HL Deb 14 January 1992 vol 534 cc117-21

3.16 p.m.

The Lord Chancellor (Lord Mackay of Clashfern)

My Lords, I beg to move that this Bill be now read a second time.

The Bill consolidates the enactment relating to taxation and chargeable gains presently found in the Income and Corporation Taxes Act 1970, the Capital Gains Tax Act 1979 and in annual Finance Acts from 1970 onwards. This consolidation Bill, which re-enacts legislation providing for the taxation of the chargeable gains accruing both to individuals and to companies, will therefore serve the useful purpose of restating the current law but in a readily accessible form.

The Bill has been drafted by a former parliamentary counsel engaged by the Law Commission and is another example of the outstanding efforts of the Commission in keeping the statute book in good order.

If your Lordships are content to give the Bill a Second Reading, it will be referred in the usual way to the Joint Committee on Consolidation Bills.

Moved, That the Bill be now read a second time.—(The Lord Chancellor.)

Lord Stoddart of Swindon

My Lords, perhaps I may ask the Lord Chancellor one question. He says that the Bill will restate the law in a more accessible form. May we also be assured that it will also be in a more understandable form?

The Lord Chancellor

My Lords, the principle of consolidation is to restate the existing law. That is what the Bill does. The form in which it is stated, and the structure of the Bill, help understanding. Therefore I believe that I can fairly claim that it is a move towards a more understandable form of legislation also.

Lord Mishcon

My Lords, perhaps I may at once from these Benches re-echo the compliment that the noble and learned Lord most properly paid to the Law Commission. However, I believe that a Bill which has six parts, 12 schedules and 291 clauses and consists of 320 pages ought at least to be debated for a few minutes in your Lordships' House. I confess at once that I have not read every single clause, although I am absolutely sure that the noble and learned Lord who sits on the Woolsack has.

It is interesting to note that we have a good custom, especially in complicated legislation, which provides that derivation clauses are set out in a table. The Bill has a derivation table. The Bill deals with matters of taxation. Those who are engaged professionally in regard to taxation matters—I refer in particular to lawyers and accountants—are a little worried, to say the least, that while there is a derivation table there is no destination table. Those who practise in taxation law have become accustomed over the years to quoting sections as covering principles in our legislation in regard to taxation. If one has no destination table, and having become accustomed over the years to talk about a Section x case, one has to undertake a tremendous amount of work to find out what has happened to that section to which one has become accustomed over the years.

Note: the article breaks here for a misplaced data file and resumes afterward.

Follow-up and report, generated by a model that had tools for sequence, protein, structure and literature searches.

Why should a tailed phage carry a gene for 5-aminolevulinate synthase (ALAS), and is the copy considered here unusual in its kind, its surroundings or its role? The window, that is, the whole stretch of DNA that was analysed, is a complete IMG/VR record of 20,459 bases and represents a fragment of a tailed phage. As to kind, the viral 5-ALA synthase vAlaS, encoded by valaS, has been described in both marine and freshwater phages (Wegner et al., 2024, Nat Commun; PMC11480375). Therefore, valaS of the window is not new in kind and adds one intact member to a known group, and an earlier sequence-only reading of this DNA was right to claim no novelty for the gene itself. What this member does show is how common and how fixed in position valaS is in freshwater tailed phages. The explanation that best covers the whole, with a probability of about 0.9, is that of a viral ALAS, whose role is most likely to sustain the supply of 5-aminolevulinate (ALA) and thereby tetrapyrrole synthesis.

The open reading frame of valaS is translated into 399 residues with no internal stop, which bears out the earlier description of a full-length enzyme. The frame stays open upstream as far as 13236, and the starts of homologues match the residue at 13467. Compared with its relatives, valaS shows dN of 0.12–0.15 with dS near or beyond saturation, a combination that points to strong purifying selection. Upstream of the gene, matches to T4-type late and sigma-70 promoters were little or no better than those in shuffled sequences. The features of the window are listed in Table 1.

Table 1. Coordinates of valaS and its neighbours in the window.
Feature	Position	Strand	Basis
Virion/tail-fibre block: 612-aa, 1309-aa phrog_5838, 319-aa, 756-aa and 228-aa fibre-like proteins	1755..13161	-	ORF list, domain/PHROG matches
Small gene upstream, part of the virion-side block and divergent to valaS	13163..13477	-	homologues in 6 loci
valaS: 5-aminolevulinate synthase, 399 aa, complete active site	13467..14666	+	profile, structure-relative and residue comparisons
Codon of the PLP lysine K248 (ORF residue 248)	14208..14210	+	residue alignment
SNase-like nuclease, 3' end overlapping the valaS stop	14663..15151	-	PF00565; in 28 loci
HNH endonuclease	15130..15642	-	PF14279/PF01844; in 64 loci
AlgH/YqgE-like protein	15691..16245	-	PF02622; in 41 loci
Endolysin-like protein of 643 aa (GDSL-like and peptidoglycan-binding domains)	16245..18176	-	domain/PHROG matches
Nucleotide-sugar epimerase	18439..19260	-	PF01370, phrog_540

The joint committee which deals with this matter with great patience and ability consists of Members of both Houses. I wish to make a plea to the joint committee for consideration to be given to providing a destination table in addition to the derivation table. That is no new concept; there are Bills dealing with similar matters which have destination tables.

I have already mentioned the Law Commission, as did the noble and learned Lord. From these Benches I wish to pay tribute to the noble and learned Lord the Lord Chancellor, who has seen under his reign a great deal of consolidation. That has helped a great deal in ensuring that understanding of the statute law is simplified by the need to look at only one statute. However, the noble and learned Lord's good work is not recognised sufficiently only because not enough advanced publicity is given to the fact of these consolidation statutes coming before Parliament. That is true in particular of this consolidation Bill. I have talked to many accountants and representatives of the institute. Until I told them about the Bill they did not even realise that it was about to come before your Lordships' House. I urge that in future more advanced publicity should be given to consolidation Bills, especially when they affect the whole of the profession dealing with the subject.

I make my next point with some temerity. It relates to the title of the Bill, which the Committee may consider. Technically it is correct but I suggest that it is slightly cumbersome. To my simple mind and to the much less simple minds of others, the title "Capital Gains Tax Act 1992" might be more readily acceptable.

Finally, I plead for a little more consolidation. The House may know that the law relating to stamp duty dates back to a statute of 1891. Since then so much has happened in relation to stamp duty that it cries out for consolidation—I hope not in the wilderness but in the ears of the noble and learned Lord the Lord Chancellor for ready acceptance.

I make those comments in regard to a Bill which will be tremendously useful. One hopes that various other fields of taxation, if not a whole comprehensive consolidation Bill dealing with taxation, will be readily acceptable before your Lordships' House as this Bill undoubtedly is.

Lord Wilberforce

My Lords, I broadly agree with what was said by the noble Lord, Lord Mishcon, but wish to add one or two comments. First, I heartily congratulate the noble and learned Lord and the Law Commission on the work done in this consolidation. It was a mammoth task. Unlike other noble Lords, I believe, I have here the two volumes of 319 pages which have resulted from the work. This admirable production is a remarkable job and uses many modern techniques. However, there is a price to be paid.